CER has previously reported on how the rampant, unchecked pollution of the Upper Olifants Catchment, has been ongoing despite the fact that the Upper Olifants Catchment, where the eight coal mining operations are situated, has been identified by the Department as one of South Africa’s most stressed catchment areas in relation to both water quantity and quality. CER’s Leanne Govindsamy highlights that “the effective establishment of an Olifants Catchment Management Agency would ensure that water resource governance is decentralised and that communities are able to properly participate in decision-making. A functional CMA would further play an important role in holding companies to account for non-compliance with their water use licences”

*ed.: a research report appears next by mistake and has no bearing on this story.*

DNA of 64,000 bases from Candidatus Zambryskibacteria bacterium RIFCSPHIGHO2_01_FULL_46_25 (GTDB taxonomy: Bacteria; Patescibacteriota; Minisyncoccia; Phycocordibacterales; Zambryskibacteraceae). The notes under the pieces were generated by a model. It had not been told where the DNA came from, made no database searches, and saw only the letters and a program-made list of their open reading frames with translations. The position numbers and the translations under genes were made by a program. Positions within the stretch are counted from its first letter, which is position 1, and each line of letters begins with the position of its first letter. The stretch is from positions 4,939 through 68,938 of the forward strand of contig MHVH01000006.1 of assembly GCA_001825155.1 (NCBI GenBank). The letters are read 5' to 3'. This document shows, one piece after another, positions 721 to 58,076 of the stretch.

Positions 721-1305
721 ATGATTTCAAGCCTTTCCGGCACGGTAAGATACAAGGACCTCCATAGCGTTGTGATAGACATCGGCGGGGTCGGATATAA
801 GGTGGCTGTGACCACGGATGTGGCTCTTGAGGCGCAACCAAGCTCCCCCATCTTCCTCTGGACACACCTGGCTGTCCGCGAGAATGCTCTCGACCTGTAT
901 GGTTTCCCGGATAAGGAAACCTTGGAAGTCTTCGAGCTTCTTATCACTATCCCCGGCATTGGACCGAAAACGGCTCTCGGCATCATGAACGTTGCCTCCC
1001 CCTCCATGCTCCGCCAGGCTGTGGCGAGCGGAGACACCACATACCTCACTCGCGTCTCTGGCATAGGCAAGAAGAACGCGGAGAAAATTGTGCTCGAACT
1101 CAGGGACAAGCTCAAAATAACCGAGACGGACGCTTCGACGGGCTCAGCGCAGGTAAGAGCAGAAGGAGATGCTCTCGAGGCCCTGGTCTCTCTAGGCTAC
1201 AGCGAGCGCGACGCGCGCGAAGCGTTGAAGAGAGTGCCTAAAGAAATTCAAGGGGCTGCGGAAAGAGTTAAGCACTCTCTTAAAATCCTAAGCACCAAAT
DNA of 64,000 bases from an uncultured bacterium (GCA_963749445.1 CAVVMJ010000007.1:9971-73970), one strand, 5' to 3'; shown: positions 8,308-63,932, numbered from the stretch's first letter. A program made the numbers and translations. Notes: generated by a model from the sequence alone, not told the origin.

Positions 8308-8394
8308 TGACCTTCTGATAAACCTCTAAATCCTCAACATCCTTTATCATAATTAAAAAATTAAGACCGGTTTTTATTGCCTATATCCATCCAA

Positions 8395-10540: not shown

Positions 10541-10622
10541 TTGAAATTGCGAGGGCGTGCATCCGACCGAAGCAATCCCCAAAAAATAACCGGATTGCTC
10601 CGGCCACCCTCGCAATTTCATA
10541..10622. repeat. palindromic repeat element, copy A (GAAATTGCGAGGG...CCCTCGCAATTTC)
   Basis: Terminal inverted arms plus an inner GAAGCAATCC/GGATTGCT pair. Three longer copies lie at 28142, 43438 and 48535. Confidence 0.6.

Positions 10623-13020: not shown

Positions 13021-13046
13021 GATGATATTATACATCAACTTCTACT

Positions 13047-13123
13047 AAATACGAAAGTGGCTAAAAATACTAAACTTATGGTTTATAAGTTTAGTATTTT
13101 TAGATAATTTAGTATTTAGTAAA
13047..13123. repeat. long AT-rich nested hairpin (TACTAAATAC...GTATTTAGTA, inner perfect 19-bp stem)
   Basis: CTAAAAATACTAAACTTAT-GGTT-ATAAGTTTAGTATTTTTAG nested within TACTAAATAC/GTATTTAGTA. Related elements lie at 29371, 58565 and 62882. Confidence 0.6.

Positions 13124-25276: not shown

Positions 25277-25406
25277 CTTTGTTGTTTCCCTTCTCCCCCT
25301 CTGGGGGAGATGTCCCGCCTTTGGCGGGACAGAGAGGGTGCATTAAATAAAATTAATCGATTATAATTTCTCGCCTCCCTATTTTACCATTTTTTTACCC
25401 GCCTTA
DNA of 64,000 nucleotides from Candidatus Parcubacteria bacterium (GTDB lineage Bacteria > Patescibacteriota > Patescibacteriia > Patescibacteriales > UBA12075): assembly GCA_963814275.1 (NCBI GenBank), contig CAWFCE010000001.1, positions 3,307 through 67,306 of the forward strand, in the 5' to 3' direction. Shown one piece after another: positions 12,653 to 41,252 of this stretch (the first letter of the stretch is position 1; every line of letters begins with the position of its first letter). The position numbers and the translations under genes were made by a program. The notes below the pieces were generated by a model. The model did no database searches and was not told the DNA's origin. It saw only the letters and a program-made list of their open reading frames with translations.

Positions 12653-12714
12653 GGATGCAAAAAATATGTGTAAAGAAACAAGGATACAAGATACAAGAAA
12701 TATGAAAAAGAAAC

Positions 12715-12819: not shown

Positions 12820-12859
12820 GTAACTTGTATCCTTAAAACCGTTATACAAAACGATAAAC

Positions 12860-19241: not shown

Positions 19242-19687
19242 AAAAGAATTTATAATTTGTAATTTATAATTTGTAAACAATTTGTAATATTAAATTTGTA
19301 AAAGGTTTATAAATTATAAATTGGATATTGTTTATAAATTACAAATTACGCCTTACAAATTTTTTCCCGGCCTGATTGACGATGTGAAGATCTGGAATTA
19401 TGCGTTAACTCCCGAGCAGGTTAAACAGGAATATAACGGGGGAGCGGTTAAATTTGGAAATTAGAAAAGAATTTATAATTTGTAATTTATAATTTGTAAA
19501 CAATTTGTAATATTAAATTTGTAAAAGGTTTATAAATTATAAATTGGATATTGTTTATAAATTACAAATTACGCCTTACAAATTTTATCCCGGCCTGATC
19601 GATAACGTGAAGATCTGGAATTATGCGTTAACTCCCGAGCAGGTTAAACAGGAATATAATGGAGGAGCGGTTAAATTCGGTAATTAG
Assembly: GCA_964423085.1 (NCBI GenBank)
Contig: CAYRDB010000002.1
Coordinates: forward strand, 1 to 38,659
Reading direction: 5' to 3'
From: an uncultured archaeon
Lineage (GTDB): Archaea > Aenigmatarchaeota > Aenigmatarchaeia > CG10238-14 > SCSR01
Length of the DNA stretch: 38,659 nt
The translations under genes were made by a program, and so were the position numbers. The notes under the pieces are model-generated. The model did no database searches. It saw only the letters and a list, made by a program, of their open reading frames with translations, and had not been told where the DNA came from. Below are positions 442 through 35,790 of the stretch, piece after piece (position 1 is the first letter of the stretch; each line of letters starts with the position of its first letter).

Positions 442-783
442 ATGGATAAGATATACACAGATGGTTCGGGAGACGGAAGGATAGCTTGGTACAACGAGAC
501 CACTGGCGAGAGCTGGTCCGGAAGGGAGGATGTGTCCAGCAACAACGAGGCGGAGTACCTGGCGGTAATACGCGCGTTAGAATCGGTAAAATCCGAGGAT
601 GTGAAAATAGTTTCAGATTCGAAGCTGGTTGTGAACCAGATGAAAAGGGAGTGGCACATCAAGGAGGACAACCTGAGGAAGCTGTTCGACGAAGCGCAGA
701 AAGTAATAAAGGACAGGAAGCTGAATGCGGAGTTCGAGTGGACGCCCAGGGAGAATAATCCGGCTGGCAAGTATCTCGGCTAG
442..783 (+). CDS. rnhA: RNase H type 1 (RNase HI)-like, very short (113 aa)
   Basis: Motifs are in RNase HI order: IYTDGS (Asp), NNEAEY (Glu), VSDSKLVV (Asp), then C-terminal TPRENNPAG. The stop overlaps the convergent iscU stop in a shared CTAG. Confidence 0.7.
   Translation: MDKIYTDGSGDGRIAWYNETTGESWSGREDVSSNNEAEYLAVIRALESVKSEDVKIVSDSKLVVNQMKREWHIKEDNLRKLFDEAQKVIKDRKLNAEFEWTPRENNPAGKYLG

The establishment of CMA’s has been central to government policy of striving towards a more participatory and inclusionary approach to water governance and were incorporated in the White Paper on a National Water Policy, 1997; National Water Act, 1998 and the National Water Resource Strategy, 2013 (NWRS2). The National Water Act highlights that the purpose of establishing CMAs is to “… delegate water management to regional or catchment level, and to involve local communities.” In this regard, CMAs should be established as a matter of urgency. This would facilitate the delegation of water resource management and the involvement of communities in water governance and decision-making, on a catchment level. Currently, the Upper Olifants would fall under the Olifants Water Management Area and no official CMA is in existence. Instead, a ‘proto-CMA’, operating from the regional Departmental office provides some but not all functions of a CMA and is so far away from communities affected by water pollution, that it remains largely inaccessible. If one looks at the powers and functioning of the Inkomati Usuthu Catchment Management Agency (IUCMA) it illustrates how companies and communities can be better served by decentralised governance of water resources. Firstly, water-use licence holders are able to go directly to the IUCMA and apply for and amend water-use licences, while the IUCMA is close enough to mining operations that inspections are made easy and efficient, drastically improving turnaround times for licence applications and ensuring proper monitoring and enforcement of licence conditions. Secondly, the local nature of the IUCMA allows for communities to have better access to information and are able to participate in catchment management forums, allowing for proper public participation and consultation, the cornerstone of our democracy.